Helping Mothers Find Work Helps Children

Re “Even Tougher Love for Welfare Moms,” Commentary, June 11: Bruce Fuller criticizes the requirement for welfare recipients to work 40 hours per week. In fact, the administration’s welfare proposal requires only that recipients be engaged in actual work for 24 hours per week. The other 16 hours would have to be spent in activities that could include training in job readiness and job skills, substance abuse treatment (for which states receive no credit under current law) and counseling--whatever is necessary to complement recipients’ work efforts and help them succeed.

The expected 40 hours of combined work and complementary activities are essential to help recipients prepare for taking the kinds of jobs offering the best wages and crucial benefits, like health and child care. We expect states to use the flexibility inherent in the Temporary Assistance to Needy Families program to assure that recipients are working toward this goal.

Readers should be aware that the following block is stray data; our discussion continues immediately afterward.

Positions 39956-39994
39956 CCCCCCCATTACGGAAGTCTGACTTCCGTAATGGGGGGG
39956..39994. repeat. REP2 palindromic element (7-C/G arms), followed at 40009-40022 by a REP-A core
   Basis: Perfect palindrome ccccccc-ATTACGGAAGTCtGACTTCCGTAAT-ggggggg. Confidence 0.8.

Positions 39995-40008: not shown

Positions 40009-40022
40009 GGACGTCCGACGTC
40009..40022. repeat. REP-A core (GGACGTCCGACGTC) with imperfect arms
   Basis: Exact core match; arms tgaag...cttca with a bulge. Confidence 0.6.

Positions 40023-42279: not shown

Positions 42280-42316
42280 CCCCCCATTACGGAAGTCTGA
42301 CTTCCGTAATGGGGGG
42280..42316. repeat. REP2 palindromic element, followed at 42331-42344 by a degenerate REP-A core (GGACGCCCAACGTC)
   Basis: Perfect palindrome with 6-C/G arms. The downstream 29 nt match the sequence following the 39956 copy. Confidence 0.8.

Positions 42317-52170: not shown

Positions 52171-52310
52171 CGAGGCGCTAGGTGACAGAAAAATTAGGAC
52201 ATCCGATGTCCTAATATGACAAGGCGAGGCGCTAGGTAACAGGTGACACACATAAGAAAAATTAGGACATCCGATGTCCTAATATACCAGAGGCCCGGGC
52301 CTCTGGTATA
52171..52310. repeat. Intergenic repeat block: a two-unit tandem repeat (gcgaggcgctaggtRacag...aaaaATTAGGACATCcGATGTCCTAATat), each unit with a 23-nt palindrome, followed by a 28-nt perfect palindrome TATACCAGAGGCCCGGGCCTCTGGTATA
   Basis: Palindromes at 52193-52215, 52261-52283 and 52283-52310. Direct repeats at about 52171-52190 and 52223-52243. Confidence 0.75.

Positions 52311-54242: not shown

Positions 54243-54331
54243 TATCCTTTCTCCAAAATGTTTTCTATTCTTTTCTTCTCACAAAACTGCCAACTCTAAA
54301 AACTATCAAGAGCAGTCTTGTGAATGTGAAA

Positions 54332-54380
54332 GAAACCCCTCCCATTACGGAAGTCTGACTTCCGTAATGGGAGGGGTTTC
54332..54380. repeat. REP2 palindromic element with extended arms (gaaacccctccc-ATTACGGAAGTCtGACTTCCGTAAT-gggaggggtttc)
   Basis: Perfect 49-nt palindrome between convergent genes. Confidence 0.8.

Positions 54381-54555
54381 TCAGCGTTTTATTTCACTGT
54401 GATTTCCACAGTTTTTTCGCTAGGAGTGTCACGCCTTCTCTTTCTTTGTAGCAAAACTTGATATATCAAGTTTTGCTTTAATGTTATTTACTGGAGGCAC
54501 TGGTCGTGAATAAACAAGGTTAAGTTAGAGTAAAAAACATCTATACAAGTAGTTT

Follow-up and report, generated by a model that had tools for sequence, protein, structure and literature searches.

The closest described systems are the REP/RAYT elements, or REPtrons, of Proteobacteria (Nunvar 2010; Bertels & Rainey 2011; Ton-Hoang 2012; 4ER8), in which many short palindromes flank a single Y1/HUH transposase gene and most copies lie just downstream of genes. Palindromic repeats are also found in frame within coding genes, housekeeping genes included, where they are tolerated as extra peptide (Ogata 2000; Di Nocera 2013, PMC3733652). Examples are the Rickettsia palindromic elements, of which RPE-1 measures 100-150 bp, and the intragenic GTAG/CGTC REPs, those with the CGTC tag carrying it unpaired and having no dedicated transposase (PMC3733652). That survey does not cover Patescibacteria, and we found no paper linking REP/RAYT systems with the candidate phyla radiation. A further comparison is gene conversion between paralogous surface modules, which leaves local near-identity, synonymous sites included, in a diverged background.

We have no intention of neglecting the children; in fact, the administration has proposed that improving child well-being should be the overarching goal of the TANF program. The administration proposes to maintain spending on child care at historically high levels--overall, $11 billion per year in federal and state funds. The president’s proposal would also strengthen child support enforcement.

Wade F. Horn


Assistant Secretary for

Children and Families, Department of

Health and Human Services